After a failed police crackdown, North Dakota now plans to attack activists with fines. - Grist

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After a failed police crackdown, North Dakota now plans to attack activists with fines.

State officials have threatened to charge any person found transporting “prohibited items” into the Dakota Access Pipeline protesters’ camp. The no-go list includes food, lumber, and Port-a-Potties, with fines as high as $1,000.

The office of Gov. Jack Dalrymple had initially suggested more extreme tactics: cutting off access to the camp with a physical blockade, essentially laying siege to Standing Rock.

Activists were quick to point out that this threat smacked of historical violence against Native Americans — as in the 1830s, when U.S. soldiers starved Native tribes in internment camps after forcing them from their land and onto the Trail of Tears.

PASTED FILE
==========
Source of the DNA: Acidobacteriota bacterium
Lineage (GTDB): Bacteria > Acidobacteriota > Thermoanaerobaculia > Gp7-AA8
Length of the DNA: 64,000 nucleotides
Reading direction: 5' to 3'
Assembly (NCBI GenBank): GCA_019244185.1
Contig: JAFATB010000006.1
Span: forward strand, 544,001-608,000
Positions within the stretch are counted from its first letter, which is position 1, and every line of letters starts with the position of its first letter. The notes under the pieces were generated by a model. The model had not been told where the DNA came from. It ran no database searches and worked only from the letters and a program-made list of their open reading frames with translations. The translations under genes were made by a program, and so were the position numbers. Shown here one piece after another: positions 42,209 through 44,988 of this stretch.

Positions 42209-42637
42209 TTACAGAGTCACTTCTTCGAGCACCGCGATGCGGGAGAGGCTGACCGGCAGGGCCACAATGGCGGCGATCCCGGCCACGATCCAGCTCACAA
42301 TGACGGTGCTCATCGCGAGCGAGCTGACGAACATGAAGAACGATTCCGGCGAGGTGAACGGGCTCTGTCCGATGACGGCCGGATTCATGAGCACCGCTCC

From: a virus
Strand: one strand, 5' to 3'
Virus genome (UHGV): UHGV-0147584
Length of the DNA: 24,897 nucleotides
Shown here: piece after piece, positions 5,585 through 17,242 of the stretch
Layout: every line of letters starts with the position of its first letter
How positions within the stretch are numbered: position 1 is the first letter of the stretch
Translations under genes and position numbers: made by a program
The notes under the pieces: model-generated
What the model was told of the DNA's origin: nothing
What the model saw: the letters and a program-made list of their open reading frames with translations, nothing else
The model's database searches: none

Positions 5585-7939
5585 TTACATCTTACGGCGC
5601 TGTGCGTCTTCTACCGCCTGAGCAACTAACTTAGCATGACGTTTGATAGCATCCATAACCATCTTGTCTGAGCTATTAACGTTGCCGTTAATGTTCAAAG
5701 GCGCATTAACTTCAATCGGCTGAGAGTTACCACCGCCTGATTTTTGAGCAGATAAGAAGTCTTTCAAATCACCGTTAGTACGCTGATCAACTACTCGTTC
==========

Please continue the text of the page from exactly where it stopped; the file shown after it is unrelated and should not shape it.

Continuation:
Dalrymple later disavowed the blockade threat, although his office’s evacuation order remains in effect.

The Oceti Sakowin Camp already faces hostile winter conditions, with 10 inches of snow since Monday, and temperatures continuing to drop below freezing.

Veterans, we imagine, are not included on the “prohibited items” list. Over 2,000 of them will travel to Standing Rock on Sunday, pledging to act as “human shields” for the protestors. Led by former Marine Corps member Michael A. Wood Jr., the group promises to “defend the water protectors from assault and intimidation at the hands of the militarized police force.”